13. Ron H

    AAC Fanatic!

    Apr 14, 2005
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    The OP had a typo in the part number. It is XR2206.
     
  14. Vahe

    Member

    Mar 3, 2011
    75
    9
    Thanks Ron. I looked through the datasheet and expressions for frequency. I really don't like to see things like f=1/(RC) - that makes no sense to me. If it was f=1/(2∏RC), I would be happier. Now sometimes based on the characteristics a curve-fit is generated so that one could write something like f=1.44/(R C) or something like that so entering in the R in ohms and C in Farads generates the frequency in Hz. I think this is the case for the 555 timer for example.

    Anyway, I think I should shut up now ... I have seen so many preventable problems based on the 2∏ factor that I should say something.

    Cheers,
    Vahe
     
  15. Ron H

    AAC Fanatic!

    Apr 14, 2005
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    The frequency of almost any RC oscillator is inversely proportional to RC. In this case, the proportionality factor is one. pretty darned handy, I think.:p
    I think you're being anal.:D

    I think I should shut up now...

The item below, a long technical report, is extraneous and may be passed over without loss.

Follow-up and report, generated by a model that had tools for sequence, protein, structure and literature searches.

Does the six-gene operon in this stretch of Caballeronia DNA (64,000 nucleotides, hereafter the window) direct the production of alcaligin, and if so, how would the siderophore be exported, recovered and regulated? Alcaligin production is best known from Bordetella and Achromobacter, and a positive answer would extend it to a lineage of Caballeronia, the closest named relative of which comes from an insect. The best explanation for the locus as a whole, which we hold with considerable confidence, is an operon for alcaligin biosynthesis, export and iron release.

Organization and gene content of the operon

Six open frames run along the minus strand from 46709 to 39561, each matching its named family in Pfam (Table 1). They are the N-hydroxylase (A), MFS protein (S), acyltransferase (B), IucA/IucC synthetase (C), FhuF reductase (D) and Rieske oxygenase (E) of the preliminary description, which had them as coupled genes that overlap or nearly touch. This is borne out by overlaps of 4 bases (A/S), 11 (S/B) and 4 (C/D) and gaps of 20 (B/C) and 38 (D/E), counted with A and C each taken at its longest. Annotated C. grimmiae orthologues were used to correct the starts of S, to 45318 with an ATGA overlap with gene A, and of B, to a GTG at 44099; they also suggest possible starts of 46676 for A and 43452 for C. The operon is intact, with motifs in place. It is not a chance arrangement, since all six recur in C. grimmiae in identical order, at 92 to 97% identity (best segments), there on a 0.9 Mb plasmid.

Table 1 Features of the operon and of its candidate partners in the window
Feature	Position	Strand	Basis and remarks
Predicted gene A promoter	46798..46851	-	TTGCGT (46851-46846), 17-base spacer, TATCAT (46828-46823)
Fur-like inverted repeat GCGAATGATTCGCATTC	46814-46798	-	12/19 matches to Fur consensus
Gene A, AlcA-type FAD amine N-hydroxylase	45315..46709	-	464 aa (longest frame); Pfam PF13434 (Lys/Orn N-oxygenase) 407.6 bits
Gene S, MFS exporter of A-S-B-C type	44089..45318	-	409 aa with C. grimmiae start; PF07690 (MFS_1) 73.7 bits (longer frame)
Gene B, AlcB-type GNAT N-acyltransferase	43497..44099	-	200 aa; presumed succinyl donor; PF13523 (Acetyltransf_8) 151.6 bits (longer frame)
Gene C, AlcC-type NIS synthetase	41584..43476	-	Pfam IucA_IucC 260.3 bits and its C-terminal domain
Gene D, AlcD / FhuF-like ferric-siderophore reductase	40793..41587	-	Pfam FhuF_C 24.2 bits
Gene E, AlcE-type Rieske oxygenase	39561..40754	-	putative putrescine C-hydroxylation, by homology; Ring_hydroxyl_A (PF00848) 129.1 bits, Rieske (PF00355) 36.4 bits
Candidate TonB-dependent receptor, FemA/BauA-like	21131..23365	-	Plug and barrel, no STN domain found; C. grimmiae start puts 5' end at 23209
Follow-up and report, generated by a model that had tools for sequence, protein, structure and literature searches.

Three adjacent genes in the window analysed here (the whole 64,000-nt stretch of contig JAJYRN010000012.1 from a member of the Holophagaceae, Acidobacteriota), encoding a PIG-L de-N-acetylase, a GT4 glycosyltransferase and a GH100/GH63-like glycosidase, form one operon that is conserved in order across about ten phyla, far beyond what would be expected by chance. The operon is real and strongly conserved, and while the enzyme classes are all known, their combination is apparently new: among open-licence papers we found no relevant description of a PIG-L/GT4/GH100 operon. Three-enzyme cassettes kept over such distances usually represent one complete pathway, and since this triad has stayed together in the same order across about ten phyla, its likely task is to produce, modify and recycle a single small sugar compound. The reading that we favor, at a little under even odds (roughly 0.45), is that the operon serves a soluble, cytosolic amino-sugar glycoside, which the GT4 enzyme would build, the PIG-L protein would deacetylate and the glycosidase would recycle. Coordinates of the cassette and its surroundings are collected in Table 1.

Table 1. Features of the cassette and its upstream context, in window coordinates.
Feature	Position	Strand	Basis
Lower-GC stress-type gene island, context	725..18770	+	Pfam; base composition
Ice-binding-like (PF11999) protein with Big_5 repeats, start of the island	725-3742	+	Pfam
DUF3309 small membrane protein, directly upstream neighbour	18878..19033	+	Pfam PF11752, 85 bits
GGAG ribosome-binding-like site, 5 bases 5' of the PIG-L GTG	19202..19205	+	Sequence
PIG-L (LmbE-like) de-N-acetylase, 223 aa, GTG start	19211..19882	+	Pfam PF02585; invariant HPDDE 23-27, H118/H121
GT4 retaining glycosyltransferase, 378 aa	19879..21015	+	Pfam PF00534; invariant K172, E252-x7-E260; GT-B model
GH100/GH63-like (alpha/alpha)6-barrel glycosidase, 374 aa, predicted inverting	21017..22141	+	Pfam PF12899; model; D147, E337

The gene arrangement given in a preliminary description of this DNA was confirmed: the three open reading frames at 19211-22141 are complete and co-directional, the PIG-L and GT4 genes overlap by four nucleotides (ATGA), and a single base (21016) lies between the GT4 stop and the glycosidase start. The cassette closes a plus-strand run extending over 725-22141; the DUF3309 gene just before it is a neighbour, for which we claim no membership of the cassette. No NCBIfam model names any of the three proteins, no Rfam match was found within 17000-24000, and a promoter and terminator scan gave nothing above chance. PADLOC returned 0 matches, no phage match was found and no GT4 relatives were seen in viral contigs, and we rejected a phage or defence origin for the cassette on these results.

16. Fenris

    Thread Starter Active Member

    Oct 21, 2007
    288
    2
    Hi there

    Obsolete. Possibly. I have seen one site that says it is no longer recommended as a component to use due to manufacturing having stopped. But it seemed to be news to everyone else when I mentioned this on another forum.

    RS electronics have them in stock though and don't look like they are going to run out any time soon.

    What your saying may be correct but I am afraid it goes over my head. Maths and I just don't get on, much to my ire, but with the help of the gents here I manage to learn something more often than not. The nuances of how and with what are still, and probably always will be, a difficult area for me to navigate.

    Here's a link to to a vid of the unit being tested. This is with the required components to give me the range that is most useful for it's intended use.

    Thanks again chaps. I am in your dept........again! :D

    http://www.youtube.com/watch?v=twMI6mtBtOA

    regards

    Fenris